Heritage Pac. Fin., LLC v. Monroy

CourtCalifornia Court of Appeals
Citation156 Cal.Rptr.3d 26,215 Cal.App.4th 972
Decision Date31 July 2013
Docket NumberA135274,A136043
PartiesHERITAGE PACIFIC FINANCIAL, LLC, Plaintiff, Cross-defendant, and Appellant, v. Maribel MONROY, Defendant, Cross-Complainant, and Respondent.

?215 Cal.App.4th 972
156 Cal.Rptr.3d 26

HERITAGE PACIFIC FINANCIAL, LLC, Plaintiff, Cross-defendant, and Appellant,
Maribel MONROY, Defendant, Cross-Complainant, and Respondent.

A135274, A136043

Court of Appeal, First District, Division 2, California.

Filed March 29, 2013
Review Denied July 31, 2013


See 1 Witkin, Summary of Cal.
Law (10th ed. 2005) Contracts, § 720 et seq.

Contra Costa County Superior Court, Hon. Judith S. Craddick. (Contra Costa County Super. Ct. No. C10–01607)

Attorneys for Plaintiff and Appellant: Law Offices of Mokri & Associates, Santa Ana, Brad A. Mokri, Jennifer N. Harris
Attorneys for Defendant and Respondent: Law Office of Peter Fredman, Berkeley, Peter B. Fredman
Lambden, J.

[215 Cal.App.4th 980]

Maribel Monroy executed two promissory notes with WMC Mortgage Corp. (WMC) when purchasing a home in Richmond, California in 2006 (the Richmond property). After a foreclosure on the senior deed of trust, Heritage Pacific Financial, LLC (Heritage) acquired Monroy's second promissory note from WMC. Heritage sent Monroy a letter attached to a complaint and summons advising her that Heritage had filed a lawsuit against her alleging various fraud claims. The letter admonished that any misinformation provided by Monroy on her original loan application with WMC could result in civil liability and that Heritage would proceed with a lawsuit if it were unable to resolve the matter with Monroy. Monroy filed a cross-complaint against Heritage, alleging violations of the Rosenthal Fair Debt Collection Practices Act (Rosenthal Act) and the federal Fair Debt Collection Practices Act (FDCPA or the Act).

After permitting Heritage to amend its complaint three times, the trial court sustained Monroy's demurrer against Heritage's pleading on the grounds that Heritage had failed to provide or allege an assignment agreement with sufficient particularity to demonstrate that the assignment of Monroy's promissory note included an intent to assign WMC's tort claims against the borrower. Thereafter, Monroy moved for summary judgment or adjudication on her cross-complaint. The court denied her motion as to her claim of a violation of the Rosenthal Act but granted the motion as to a violation of the FDCPA, on the condition that Monroy agree to damages in the amount of one dollar. Monroy agreed to the damage award of one dollar and the court entered judgment in her favor. Subsequently, Monroy requested attorney fees and costs under title 15 of the United States Code section 1692k(a)(3), and the court found that Monroy was the prevailing party and entitled to attorney fees and costs in the amount of $89,489.60. The court concluded that the issues regarding the cross-complaint and complaint were interrelated and could not be reasonably separated. Heritage separately appealed the judgment and the award of attorney fees and we, on our own motion, consolidated the appeals.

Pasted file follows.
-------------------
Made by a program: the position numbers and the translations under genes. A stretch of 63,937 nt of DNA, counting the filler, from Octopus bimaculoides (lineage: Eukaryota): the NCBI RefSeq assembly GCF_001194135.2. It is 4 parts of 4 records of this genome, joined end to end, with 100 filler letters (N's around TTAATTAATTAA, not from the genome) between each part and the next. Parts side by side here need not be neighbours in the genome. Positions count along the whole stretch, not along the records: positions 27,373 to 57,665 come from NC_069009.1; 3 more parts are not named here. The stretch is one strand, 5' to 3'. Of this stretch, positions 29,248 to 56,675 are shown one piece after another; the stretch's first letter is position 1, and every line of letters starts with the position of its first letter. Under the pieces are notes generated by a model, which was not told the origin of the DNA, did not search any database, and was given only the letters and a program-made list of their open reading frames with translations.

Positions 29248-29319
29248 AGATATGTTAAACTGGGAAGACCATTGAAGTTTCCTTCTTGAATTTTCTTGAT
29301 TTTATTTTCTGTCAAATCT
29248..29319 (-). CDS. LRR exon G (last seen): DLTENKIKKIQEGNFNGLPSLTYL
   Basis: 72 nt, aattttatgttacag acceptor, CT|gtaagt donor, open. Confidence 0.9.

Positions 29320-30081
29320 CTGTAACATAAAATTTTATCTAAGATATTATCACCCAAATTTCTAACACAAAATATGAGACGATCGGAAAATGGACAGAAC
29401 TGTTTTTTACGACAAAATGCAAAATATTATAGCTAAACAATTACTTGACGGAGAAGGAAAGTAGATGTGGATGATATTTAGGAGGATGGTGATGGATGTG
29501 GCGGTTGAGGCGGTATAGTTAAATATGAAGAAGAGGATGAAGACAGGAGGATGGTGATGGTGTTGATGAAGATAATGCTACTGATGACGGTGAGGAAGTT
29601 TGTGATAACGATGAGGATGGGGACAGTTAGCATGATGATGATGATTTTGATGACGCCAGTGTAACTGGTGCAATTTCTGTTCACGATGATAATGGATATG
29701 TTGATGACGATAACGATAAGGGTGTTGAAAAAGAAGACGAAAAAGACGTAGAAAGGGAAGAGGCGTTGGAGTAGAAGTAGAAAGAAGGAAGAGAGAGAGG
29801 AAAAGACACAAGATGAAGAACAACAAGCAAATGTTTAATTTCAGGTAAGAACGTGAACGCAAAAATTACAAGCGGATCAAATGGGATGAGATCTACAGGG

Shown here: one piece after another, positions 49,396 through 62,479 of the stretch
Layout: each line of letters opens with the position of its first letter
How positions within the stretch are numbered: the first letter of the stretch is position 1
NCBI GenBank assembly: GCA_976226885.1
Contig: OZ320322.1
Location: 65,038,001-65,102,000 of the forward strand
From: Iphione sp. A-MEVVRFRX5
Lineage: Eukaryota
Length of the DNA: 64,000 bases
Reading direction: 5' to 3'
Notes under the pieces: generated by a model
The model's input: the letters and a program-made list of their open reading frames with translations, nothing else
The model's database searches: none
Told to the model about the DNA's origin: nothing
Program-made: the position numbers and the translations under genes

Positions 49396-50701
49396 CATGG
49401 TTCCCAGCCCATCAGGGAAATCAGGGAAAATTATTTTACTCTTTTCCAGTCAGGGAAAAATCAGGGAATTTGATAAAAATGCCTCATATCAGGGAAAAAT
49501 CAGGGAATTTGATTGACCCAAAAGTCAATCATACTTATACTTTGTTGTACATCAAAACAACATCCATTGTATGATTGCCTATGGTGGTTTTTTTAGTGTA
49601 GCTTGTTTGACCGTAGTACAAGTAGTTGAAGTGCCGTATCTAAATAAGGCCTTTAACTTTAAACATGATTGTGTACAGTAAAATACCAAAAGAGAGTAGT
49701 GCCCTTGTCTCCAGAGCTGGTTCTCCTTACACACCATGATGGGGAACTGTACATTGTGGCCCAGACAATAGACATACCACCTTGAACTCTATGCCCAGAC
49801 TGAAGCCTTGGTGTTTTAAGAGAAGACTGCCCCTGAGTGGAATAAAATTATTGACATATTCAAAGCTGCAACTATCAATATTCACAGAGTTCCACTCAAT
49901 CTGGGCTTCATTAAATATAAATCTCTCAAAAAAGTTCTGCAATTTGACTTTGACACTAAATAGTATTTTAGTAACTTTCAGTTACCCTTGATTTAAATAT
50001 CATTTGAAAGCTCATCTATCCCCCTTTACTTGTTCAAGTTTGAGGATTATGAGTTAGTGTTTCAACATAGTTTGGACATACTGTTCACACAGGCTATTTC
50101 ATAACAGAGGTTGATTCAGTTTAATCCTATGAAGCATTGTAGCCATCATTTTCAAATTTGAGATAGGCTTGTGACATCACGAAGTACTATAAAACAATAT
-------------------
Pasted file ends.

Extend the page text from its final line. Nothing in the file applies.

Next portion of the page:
On appeal, Heritage argues that it sufficiently set forth allegations to support a claim that the assignment from WMC included an intent to assign WMC's tort claims against Monroy and that the trial court improperly weighed the evidence when sustaining the demurrer without leave to amend. It also contends that triable issues of fact exist regarding Monroy's FDCPA

[215 Cal.App.4th 981]

claim and therefore the trial court erred in granting summary judgment. Finally, it objects to the award and amount of attorney fees. We are not persuaded by Heritage's argument, and affirm the judgment and the award of attorney fees.

It is true that incidental rights may include certain ancillary causes of action but the assignment agreement “must describe the subject matter of the assignment with sufficient particularity to identify the rights assigned.” ( Mission Valley East, Inc. v. County of Kern, supra, 120 Cal.App.3d at p. 97, 174 Cal.Rptr. 300.) “[A] basic tenet of California contract law dictates that when a particular right or set of rights is defined in an assignment, additional rights not similarly defined or named cannot be considered part of the rights transferred.” ( DC3 Entertainment, LLC v. John Galt Entertainment, Inc. (W.D.Wash.2006) 412 F.Supp.2d 1125, 1144.)

Here, none of the allegations regarding assignment in the SAC specified that the assignment was transferring the ancillary right of a tort claim. The document attached by Heritage did not support any claim of an assignment by WMC to Heritage of its fraud claims against Monroy. This document was the promissory note signed by Monroy, which, on the last page, contained the signature and stamp of the secretary of WMC. Directly under “Pay to the order of” was Heritage's stamp. The transfer of the promissory note by indorsement did not show a clear intent to assign WMC's fraud claim. (See Comm.Code, § 3201 et seq.) The conveyance of the promissory note to Heritage does not establish that WMC assigned to Heritage its right to the performance of other, distinct obligations owed by Monroy, such as the obligation to provide truthful information. (See Cambridge Co. v. City of Elsinore, supra, 57 Cal.App. at pp. 249–250, 206 P. 1021.)